Flavors of Puglia: Traditional Recipes from the Heel of Italy's Boot

Flavors of Puglia: Traditional Recipes from the Heel of Italy's Boot

by Nancy Harmon Jenkins

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Flavors of Puglia: Traditional Recipes from the Heel of Italy's Boot by Nancy Harmon Jenkins

Dazzling combinations of colorful, earthy vegetables.  Comforting soups with beans, grains, and fragrant herbs.  Simple seafood dishes prepared with fish and shellfish straight from the sea.  Pasta adorned with fresh, flavorful sauces.  Food that embraces the humble abundance of Puglia, from olive groves, wheatfields, vineyards, gardens, and the blue waters of the Adriatic and Ionian Seas.  In this first-ever cookbook devoted to the foods of this bountiful region, located at the heel of the Italian boot, Nancy Harmon Jenkins combines her masterful knowledge of the Mediterranean with the recipes and traditions of Pugliese home cooks.

Featuring more than 100 recipes, for every course from the antipasti to dessert, Flavors of Puglia introduces American home cooks to the aromas and flavors of the cuisine of Puglia.  Taking a culinary tour of this remarkable region, Jenkins offers recipes for classic Pugliese dishes including tiedda, a casserole made with mussels, potatoes, tomatoes, and zucchini; and orecchiette, Puglia's famous ear-shaped pasta, tossed with pungent broccoli rabe and dressed with a sprightly mix of oil, garlic, and red pepper.  Other recipes include panzerotti, deep-fried tarts filled with onion-olive stuffing or a spicy pork filling; stewed black olives served with chunks of country-style bread for sopping up herb-scented olive oil; calzone, a two-crusted pizza with olives, leeks, and a hint of anchovy; and fresh fish and shellfish served on their own, in casseroles, or seafood stews.

Jenkins offers graceful descriptions of Puglia's landscape andintroduces readers to local fishermen, bakers, pastamakers, olive oil producers, and winemakers who produce the best food the region has to offer.  A detailed section for travelers offers restaurant and hotel suggestions and provides a list of dishes and food products that are specialties of the region.  A resource guide and extensive notes on choosing ingredients round out this splendid cookbook, which will win readers over to this charming and, as yet, undiscovered region of Italy.

Product Details

ISBN-13: 9780553066753
Publisher: Broadway Books
Publication date: 05/19/1997
Pages: 288
Product dimensions: 7.28(w) x 9.56(h) x 1.37(d)

Read an Excerpt

Puglia, or Apulia as it is often called in English, is "the heel" of the Italian boot, including the steep and rocky spur of the Gargano peninsula projecting into the sea.  It is the easternmost region of Italy, eight hundred kilometers of coastline stretching down the Adriatic and around the heel into the high arch of the Ionian Sea and the Gulf of Taranto.  This heel reaches out toward the Eastern Mediterranean, and at times the landscape looks and feels more like Greece than the softer, gentler Italy of Rome and the North.  Especially under the harsh brilliance of the summer sun--il solleone, the lion sun of August--you sense the connection with the Balkans and the East.  Greeks were among the earliest settlers in this region, dominating the indigenous Messapicans, the Daunians, the Peucetians, as far back as Mycenaean times, perhaps even earlier.  Taranto on the Ionian was a Greek colony from the eighth century B.C., a flourishing capital of Magna Graecia, the great cosmopolitan Greek world beyond Greece itself; in Taranto's Museo Nazionale, you catch glimpses of the splendors of that lost world in the dazzling collection of antique vases illustrating in exquisitely painted detail the old stories of gods, heroes, and mortals, their lives so intimately entwined.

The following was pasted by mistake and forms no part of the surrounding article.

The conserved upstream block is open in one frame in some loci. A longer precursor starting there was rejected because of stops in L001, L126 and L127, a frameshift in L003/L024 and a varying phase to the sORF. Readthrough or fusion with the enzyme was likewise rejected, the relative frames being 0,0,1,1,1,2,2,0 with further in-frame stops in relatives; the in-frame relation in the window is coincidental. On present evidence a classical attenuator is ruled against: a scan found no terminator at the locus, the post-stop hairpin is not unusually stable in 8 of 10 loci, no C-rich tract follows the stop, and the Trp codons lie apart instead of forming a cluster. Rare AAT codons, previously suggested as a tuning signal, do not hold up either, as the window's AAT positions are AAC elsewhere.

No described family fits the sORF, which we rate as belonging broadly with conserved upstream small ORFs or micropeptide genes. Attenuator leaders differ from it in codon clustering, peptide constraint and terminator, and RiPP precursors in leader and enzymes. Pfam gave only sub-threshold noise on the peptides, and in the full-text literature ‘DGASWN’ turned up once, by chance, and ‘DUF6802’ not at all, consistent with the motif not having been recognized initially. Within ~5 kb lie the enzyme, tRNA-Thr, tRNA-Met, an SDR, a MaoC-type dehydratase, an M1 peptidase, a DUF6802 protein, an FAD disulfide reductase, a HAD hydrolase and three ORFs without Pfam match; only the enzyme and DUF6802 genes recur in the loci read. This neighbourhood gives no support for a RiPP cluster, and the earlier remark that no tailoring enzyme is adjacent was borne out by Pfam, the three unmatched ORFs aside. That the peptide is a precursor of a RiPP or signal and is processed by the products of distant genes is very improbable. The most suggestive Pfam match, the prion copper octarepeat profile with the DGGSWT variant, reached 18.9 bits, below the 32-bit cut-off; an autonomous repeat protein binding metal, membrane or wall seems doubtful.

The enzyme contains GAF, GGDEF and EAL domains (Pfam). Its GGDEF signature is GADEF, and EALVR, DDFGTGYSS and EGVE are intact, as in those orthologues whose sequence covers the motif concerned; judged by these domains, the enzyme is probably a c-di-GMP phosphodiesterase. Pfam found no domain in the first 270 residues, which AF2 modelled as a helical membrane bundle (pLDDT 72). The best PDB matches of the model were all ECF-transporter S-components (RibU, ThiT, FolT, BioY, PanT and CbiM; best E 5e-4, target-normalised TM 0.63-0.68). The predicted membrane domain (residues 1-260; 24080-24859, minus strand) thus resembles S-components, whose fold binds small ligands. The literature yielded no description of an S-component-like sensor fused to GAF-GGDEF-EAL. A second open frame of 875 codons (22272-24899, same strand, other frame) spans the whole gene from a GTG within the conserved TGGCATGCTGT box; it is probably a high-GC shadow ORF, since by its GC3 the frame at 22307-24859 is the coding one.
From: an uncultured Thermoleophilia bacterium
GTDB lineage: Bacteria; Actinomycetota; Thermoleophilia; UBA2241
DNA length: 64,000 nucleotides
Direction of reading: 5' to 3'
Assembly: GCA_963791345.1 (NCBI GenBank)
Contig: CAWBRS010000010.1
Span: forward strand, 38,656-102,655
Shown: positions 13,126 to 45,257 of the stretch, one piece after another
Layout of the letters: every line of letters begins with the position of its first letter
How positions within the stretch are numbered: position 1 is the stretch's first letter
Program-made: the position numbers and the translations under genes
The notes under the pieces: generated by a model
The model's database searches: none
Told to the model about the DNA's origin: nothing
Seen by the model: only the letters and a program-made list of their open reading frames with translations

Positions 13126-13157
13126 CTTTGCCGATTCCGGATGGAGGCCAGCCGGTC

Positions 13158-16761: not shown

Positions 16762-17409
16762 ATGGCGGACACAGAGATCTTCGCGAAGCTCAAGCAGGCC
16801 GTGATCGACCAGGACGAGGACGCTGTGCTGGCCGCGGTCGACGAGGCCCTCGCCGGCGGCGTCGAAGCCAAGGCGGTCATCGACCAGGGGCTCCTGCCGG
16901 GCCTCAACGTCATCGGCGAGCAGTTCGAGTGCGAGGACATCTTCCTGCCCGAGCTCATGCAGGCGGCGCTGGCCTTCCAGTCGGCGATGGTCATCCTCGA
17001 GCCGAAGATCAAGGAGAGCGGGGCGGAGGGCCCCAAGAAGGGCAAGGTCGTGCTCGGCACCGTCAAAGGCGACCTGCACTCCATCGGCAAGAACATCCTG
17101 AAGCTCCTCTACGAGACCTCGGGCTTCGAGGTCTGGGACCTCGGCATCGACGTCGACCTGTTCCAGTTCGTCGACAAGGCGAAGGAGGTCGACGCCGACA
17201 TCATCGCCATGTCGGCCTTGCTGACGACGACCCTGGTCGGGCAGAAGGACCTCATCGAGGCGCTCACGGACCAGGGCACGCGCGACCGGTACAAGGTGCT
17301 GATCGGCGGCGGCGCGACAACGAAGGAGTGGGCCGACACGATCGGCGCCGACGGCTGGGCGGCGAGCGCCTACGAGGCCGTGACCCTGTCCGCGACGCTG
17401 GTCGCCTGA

For all the richness of its history, Puglia is, has always been, a land of poverty, a land of emigration.  Thousands of Pugliese left their villages for America in the early years of this century, many of them never to return.  Almost everyone you meet in Puglia has cousins in America, and if you say you're from there, most peoplehave a tale to tell.

"The California of Italy" is the phrase that chambers of commerce and tourist development agencies use to lure tourists to Puglia, but Puglia has something California lacks--a depth of history, a sense of the chiaroscuro of tragedy and loss, of the harsh side of life that counterpoints moments of joy and sweetness.  There's a special poignancy to celebration when the ache of misfortune and sorrow underlies it: It seems significant that the pizzica, a woman's triumphal dance of seduction and conquest, is almost indistinguishable from the ritualistic rapture of the tarantella, the hypnotic trance-dance induced by the remorseless sting of a spider that lurks, one writer says, "in the labyrinths of a guilty conscience" and almost always attacks women, almost always those who have been unlucky in love or marriage.

"La cucina pugliese nasce come cucina povera," says Paola Pettini who for twenty-five years has directed a cooking school in her native Bari: The cuisine of Puglia was born as the cuisine of poverty.  What this means, she explains, is pasta made without eggs, bread made from the hard-grain durum wheat flour that flourishes locally, and a diet based on vegetables, including many wild vegetables like cicorielle, wild chicory, and lampascione, the bulb of a wild tassel hyacinth, foods that are foraged from stony fields and abandoned terraces.  Meat is not much eaten and beef, until a few years ago, was almost unknown on Pugliese tables, with horsemeat being preferred.  For Christmas and Easter feasting, weddings and baptisms, Pugliese cooks look to what are called animale da cortile, farmyard animals, especially chickens and rabbits, although this rocky landscape being sheep country, lamb is the very symbol of feasting, as it is in most of the Mediterranean.